Beijing travel guide
Beijing is a city where you need to return to year after year and even after a lifetime of visits you still wouldn’t have seen everything. The capital of China, Beijing has been a vital part of Chinese history and as such, it has a vibrancy and uniqueness that no other city in the world could ever compete with.
A city guide to Beijing is essential for planning your itinerary. This amazing city has a wealth of cultural attractions and so many places to experience and things to do that you need to plan ahead so not to miss out on the ones you want the most.
The Great Wall of China is the country’s number one tourist attraction and there are several sections of it that you can walk upon. Most tourists head to the Badaling section, around 60km north of Beijing. This part dates back to the Ming Dynasty and the government has reconstructed a lot of it, although there are parts where it is still in disarray. The views from the Great Wall are simply out of this world. If you want older, less touristy sections, then head out to the Huanghuacheng, Mutianyu, Simatai or the Jinshanling sections for a more authentic Great Wall experience.
The Lama Temple (Yonghe Gong) is the largest temple complex in Beijing and one of the most important in the entire country. In addition to this, the Lama Temple is the most important Buddhist temple outside of Tibet and as such, Buddhists from all over the country and the world, come here to worship. As soon as you enter the temple gate, you are greeted with the aroma of burning incense people offer and the sound of chanting and bells. A gigantic 17 meter tall statue of the Maitreya Buddha is the most prized possession of this amazing temple and can be found in the Wanfu Pavilion.
Located in the Chaoyangman area of Dongzhimen, the Dongyue Temple (Dongyue Maio) is a place of serenity and peace, dedicated to Tai Shan (Eastern Peak), which is one of the five sacred mountains in Daoism. Different from the Lama Temple, as soon as you step through the gates to this temple it is as if all the cares of the modern world and all its troubles are simply lifted from your shoulders. This temple takes you on a journey through the Chinese views on what happens when you die. Each department reflects a different section of hell you go to if you do wrong during your life. In addition to this, there are some beautiful ancient statues and inscriptions to view.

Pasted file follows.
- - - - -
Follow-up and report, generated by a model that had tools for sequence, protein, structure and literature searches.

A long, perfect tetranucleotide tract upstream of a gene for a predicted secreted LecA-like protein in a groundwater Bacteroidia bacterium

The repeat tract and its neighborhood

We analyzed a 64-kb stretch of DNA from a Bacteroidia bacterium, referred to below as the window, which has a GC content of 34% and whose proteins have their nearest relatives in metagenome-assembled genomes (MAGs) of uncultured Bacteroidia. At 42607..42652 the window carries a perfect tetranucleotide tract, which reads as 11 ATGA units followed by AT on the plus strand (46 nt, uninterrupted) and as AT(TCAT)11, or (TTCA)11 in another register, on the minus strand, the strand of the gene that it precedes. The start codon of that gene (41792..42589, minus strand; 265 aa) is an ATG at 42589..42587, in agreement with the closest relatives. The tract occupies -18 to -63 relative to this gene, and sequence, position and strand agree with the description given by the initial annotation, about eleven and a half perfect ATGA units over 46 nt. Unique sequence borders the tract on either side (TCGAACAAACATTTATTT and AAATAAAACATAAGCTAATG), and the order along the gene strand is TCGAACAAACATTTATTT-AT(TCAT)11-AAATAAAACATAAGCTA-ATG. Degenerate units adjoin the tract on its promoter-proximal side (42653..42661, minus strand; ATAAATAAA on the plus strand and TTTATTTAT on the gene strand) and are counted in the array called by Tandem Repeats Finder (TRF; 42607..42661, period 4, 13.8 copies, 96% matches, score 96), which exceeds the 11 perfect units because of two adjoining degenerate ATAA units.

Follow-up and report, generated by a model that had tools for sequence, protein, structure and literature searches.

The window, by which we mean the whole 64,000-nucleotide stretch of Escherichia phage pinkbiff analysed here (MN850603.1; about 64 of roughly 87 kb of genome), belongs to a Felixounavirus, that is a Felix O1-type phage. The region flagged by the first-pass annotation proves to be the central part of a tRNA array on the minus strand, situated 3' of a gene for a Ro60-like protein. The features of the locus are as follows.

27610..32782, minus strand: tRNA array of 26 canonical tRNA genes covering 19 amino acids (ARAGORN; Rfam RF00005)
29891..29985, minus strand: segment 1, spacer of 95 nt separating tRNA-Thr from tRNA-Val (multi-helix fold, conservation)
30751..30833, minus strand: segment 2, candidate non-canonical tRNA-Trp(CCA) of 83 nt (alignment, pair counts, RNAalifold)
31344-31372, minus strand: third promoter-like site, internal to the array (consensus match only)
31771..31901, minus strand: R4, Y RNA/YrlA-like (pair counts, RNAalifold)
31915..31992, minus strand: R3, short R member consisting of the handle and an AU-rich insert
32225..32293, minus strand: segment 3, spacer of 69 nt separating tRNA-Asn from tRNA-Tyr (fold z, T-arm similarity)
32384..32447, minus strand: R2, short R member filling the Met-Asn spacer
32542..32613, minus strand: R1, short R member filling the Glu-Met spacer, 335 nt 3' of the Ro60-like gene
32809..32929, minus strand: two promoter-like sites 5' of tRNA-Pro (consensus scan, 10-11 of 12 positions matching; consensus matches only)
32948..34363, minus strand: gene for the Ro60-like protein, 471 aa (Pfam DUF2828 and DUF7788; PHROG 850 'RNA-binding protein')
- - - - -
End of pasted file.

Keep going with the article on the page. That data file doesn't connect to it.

No trip to Beijing would be complete without a trip to Tiananmen Square. The largest public square in the entire world, this was the location made famous in the 1980’s when thousands of Chinese people held protests against the government. Today, thousands of people come here to take in the atmosphere and wonder what it was like to be facing dozens of tanks, police and the army.
Near here is the final resting place of Chairman Mao, whose preserved body you can view. You cannot take any sort of bags in with you and the guards keep you moving past the body of the Great Helmsman.
On every corner you will see some sort of accommodation. Hotels vary in size and price and the bigger the room the larger the price. Hutongs are the homes of the poorer people and date back to the Ming and Qing dynasties but some have been converted into hostels and hotels for Westerners to stay in. Be aware though that some hotels do not take in foreign tourists so please make sure.
You will never go hungry in Beijing; restaurants in Beijing are plentiful, each offering you a different taste of Beijing and the rest of the country. The two local dishes here are Peking Duck and Beijing Hotpot.
Beijing is a city which pulsates with vibrancy and colour. It is a city where your senses come alive and new experiences keep on coming. A city firmly in the present, it still retains that ancient atmosphere which makes it a fascinating and exciting place to visit.